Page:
The thought of Yuki, as far as he could remember, brought him nothing but a useless sense of guilt – guilt for her mother’s unhappiness, guilt for her eventual suicide, for which, Hideki knew, Yuki held him responsible. After that, there was guilt for his remarriage, for keeping her away from her mother’s family according to Hanae’s wishes because Hanae thought people would talk – they would see the continued contact between Yuki and his former in-laws as an admission of blame on his part for his first wife’s death. Guilt was a useless emotion, Hideki reminded himself. Still, the list of his wrongs seemed endless.
While I tried to emphatize with Hanae, the quintessential evil stepmother (who used to be the mistress of Hideki when Shizuko was still alive), I found it too difficult to find a piece of her I can sympathize with. Despite her obsession on cleanliness and clearing away dust and wiping away all traces of the dead first wife – the presence of Yuki, our young protagonist, is something Hanae can’t dissolve or vacuum away. There is no remorse over what happened to Shizuko – nothing but righteous indignation and burning resentment, and yes, grievances.
There are shavings and chips of my heart falling like tears as I read through how Yuki remembers her mother, as shared with her maternal grandmother, Masa (p. 86):
“I remember her voice without her body and her body without her voice. Sometimes, I dream that her voice has been trapped in the telephone line somewhere, and I try but I can’t help her. I just can’t help her.” She stared at her hands. “I wanted so much to help her.” She shook her head and covered her face with her hands, her fingers pressing hard against her eyes.
It amazes me that the entire piece of writing communicates that dignified pain – it is never uncouth, crass, or overly-emotional: just little thrusts and jabs that pierce the core, but always always wrapped in grace, and quiet, and honor. I have earmarked quite a number of pages in this beautiful book, but this one, I feel is the one that spoke to me the most (p. 148):
My mother and I, Yuki thought, we are moving on. We leave behind nothing but empty spaces – empty spaces turning green as we move away from here.
About Kyoko Mori [as taken from the jacketflap of the book].
Kyoko Mori was born and raised in Japan. Now an associate professor of English and Creative Writing at Saint Norbert College in De Pere, Wisconsin, she has published her poetry and short stories in leading literary magazines such as The Kenyon Review, The Apalachee Quarterly, and The Beloit Poetry Journal. This is her first novel.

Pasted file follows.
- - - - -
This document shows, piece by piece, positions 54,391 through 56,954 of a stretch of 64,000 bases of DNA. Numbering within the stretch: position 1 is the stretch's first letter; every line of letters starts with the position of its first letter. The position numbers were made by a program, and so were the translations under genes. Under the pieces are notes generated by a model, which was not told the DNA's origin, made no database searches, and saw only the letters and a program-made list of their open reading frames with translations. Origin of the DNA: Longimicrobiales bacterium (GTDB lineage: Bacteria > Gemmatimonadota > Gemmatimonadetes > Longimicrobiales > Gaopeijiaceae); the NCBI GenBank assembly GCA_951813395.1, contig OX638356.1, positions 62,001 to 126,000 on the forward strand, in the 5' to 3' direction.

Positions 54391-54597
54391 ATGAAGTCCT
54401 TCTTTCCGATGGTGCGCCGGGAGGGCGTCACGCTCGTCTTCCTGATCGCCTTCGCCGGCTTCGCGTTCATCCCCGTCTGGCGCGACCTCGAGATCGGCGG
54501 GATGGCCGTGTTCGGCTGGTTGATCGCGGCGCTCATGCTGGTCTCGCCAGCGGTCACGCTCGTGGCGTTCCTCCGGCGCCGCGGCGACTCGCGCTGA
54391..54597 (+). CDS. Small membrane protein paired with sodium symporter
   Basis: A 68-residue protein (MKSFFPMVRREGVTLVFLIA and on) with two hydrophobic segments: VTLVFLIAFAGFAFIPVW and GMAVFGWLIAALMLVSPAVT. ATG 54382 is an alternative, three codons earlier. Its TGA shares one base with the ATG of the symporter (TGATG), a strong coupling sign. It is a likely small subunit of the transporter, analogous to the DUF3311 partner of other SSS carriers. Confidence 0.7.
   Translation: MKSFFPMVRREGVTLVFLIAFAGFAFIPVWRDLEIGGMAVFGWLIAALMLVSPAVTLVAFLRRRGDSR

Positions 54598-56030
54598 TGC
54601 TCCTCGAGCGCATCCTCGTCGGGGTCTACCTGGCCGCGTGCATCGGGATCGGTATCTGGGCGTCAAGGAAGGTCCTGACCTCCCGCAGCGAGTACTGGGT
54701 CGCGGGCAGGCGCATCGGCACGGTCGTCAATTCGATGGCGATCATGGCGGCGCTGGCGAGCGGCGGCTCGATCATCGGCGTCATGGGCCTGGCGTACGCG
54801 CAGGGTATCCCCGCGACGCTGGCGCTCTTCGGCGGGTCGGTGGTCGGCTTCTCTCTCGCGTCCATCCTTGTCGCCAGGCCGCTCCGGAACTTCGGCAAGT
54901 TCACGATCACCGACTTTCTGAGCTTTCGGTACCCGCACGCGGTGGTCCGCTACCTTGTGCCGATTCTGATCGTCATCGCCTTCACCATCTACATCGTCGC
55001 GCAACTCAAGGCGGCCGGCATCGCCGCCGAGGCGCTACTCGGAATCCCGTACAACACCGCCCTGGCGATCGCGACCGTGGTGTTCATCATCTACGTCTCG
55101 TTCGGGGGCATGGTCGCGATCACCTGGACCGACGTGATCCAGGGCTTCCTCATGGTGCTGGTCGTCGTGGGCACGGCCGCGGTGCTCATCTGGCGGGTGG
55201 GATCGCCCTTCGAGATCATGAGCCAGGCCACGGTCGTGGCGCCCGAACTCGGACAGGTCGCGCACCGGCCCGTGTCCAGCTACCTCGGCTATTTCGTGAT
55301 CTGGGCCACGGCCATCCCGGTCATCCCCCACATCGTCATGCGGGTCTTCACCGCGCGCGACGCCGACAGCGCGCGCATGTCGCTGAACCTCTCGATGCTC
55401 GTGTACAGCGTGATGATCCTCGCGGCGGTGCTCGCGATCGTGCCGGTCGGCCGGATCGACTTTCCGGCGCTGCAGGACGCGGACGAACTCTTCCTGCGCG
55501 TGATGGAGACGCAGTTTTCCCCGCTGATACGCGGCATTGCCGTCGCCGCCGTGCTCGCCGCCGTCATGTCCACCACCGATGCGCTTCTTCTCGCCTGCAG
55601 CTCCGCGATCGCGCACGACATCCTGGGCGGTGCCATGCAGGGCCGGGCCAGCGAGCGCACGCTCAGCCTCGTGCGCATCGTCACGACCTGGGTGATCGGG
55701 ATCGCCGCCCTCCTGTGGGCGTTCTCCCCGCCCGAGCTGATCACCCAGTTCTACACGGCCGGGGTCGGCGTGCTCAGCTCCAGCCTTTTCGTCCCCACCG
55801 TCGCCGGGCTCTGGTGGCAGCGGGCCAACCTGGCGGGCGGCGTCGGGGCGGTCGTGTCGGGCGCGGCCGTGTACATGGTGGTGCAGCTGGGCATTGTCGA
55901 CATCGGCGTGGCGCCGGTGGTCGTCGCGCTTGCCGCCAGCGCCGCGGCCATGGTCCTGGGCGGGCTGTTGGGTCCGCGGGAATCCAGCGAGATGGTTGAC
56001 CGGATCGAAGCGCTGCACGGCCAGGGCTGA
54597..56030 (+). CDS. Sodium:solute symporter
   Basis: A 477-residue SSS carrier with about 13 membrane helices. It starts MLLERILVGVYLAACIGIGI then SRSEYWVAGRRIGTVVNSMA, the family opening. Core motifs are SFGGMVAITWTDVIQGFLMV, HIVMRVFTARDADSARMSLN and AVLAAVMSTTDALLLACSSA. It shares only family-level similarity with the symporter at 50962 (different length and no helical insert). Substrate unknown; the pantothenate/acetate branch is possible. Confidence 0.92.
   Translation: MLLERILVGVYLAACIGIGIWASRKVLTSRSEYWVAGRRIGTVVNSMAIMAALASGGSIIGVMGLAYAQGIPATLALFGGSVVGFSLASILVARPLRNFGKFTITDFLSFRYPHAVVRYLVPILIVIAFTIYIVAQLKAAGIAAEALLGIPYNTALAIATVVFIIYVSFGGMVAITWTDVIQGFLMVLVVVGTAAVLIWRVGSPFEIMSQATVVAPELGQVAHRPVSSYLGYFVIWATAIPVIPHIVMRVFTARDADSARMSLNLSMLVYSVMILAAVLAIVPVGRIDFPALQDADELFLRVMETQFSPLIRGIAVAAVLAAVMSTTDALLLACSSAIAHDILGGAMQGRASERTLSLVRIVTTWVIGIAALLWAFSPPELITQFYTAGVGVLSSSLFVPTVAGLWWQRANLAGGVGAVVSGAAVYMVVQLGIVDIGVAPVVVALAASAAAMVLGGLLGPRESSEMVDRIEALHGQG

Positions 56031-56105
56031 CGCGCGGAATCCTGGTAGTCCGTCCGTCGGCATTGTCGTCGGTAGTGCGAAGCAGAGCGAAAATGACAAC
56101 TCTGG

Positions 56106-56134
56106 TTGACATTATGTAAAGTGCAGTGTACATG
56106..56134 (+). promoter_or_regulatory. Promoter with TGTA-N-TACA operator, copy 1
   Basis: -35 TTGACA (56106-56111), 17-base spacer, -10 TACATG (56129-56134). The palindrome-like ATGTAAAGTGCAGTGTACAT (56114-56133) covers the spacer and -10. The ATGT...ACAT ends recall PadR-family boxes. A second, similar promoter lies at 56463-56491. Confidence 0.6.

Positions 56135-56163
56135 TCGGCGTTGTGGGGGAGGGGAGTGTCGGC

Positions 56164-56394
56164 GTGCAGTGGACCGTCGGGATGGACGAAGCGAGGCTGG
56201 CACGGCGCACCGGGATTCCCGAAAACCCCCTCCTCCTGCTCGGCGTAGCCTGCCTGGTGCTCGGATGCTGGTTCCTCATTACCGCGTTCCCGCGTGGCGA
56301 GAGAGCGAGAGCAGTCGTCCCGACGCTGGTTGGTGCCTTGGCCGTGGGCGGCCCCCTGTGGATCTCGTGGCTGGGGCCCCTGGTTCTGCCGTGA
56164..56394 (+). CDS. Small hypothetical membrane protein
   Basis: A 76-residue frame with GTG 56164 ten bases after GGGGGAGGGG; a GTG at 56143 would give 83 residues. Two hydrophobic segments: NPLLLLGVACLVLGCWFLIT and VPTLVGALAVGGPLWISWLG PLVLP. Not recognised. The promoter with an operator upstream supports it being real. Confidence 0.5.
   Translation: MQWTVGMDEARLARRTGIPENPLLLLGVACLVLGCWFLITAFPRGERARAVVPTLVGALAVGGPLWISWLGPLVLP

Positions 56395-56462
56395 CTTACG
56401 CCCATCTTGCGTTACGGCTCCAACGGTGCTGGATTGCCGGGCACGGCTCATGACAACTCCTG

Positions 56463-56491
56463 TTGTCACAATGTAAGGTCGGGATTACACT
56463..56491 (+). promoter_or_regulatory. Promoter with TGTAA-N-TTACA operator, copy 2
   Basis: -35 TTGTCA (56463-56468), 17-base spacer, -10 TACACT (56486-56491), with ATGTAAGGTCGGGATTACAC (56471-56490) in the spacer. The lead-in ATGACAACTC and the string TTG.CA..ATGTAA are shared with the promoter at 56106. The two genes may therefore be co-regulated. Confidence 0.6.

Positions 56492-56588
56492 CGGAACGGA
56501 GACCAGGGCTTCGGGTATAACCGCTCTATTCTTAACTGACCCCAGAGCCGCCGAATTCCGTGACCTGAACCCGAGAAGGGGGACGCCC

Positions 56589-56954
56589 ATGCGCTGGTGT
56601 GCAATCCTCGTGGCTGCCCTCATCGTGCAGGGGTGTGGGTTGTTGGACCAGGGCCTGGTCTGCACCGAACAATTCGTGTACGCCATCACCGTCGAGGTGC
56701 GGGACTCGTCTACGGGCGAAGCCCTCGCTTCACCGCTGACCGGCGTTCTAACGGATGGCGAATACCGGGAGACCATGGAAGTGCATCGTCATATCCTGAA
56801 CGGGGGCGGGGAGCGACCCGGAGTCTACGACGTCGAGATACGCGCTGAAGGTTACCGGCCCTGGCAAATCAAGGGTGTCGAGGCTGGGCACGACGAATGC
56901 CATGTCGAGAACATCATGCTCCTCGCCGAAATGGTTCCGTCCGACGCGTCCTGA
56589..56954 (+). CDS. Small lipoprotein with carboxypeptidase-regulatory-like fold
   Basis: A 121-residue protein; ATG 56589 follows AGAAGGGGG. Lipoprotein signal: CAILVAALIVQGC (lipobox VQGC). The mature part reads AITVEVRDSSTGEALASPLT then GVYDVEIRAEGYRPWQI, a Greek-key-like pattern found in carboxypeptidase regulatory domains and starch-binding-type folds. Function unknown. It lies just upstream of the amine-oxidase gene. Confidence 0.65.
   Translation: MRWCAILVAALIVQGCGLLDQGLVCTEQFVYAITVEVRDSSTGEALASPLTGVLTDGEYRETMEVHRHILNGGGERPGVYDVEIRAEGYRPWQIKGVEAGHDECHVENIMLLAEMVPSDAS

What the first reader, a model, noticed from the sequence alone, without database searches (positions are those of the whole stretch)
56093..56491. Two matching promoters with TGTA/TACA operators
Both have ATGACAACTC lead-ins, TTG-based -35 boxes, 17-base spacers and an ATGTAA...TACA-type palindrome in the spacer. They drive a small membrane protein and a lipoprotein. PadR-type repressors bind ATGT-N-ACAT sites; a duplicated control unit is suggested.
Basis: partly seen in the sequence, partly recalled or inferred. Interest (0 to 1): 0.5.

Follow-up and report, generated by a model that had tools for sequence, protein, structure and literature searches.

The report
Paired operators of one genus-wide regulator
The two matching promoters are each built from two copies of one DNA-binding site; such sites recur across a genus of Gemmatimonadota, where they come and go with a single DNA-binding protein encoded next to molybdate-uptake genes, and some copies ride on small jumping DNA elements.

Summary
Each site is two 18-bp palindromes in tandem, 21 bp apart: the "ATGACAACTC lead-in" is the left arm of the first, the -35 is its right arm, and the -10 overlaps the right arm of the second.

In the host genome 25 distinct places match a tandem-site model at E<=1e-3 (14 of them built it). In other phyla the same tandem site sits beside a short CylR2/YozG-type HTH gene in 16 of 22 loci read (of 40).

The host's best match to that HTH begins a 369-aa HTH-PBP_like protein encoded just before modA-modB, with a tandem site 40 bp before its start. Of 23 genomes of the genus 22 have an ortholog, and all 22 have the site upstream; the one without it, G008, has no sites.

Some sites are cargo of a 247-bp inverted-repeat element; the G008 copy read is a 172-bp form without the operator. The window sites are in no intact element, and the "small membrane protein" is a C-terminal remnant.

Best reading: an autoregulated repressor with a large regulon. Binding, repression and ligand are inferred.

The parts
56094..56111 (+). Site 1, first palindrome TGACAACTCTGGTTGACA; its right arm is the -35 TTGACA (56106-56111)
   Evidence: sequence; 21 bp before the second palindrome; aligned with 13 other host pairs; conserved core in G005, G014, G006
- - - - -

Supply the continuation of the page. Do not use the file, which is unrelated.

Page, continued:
In this interview with Kyoko Mori in Southern Indiana Review, I learned that Kyoko has written a memoir, The Dream of Water, which supposedly “describes her journey to make peace with her mother’s suicide.” I’d have to find The Dream of Water soon.
Resources for Teachers. Most of the photos that I have included here are of Kobe and Himeji in Japan – the setting of the story. I was also very happy to discover a very comprehensive Teacher’s Guide written by Jacqueline Parker who is a writer, consultant, and teacher – as could be found in Random House for High School Teachers. The teacher’s guide includes a plot summary, questions for discussion, journal topics that can be used in selected chapters of the book, notes on literary exploration such as imagery and theme, character development and plot, as well as recommended activities inside the classroom.
Shizuko’s Daughter by Kyoko Mori. Ballantine Books, New York, 1993. Book borrowed from the community library.
American Library Association Best Books for Young Adults, Books for the Teen Age, New York Public Library, Bulletin of the Center for Children’s Books Blue Ribbon Award, Horn Book Magazine Fanfare List
AWB Reading Challenge Update: 58 (35)
PoC Challenge Update: 19 of 25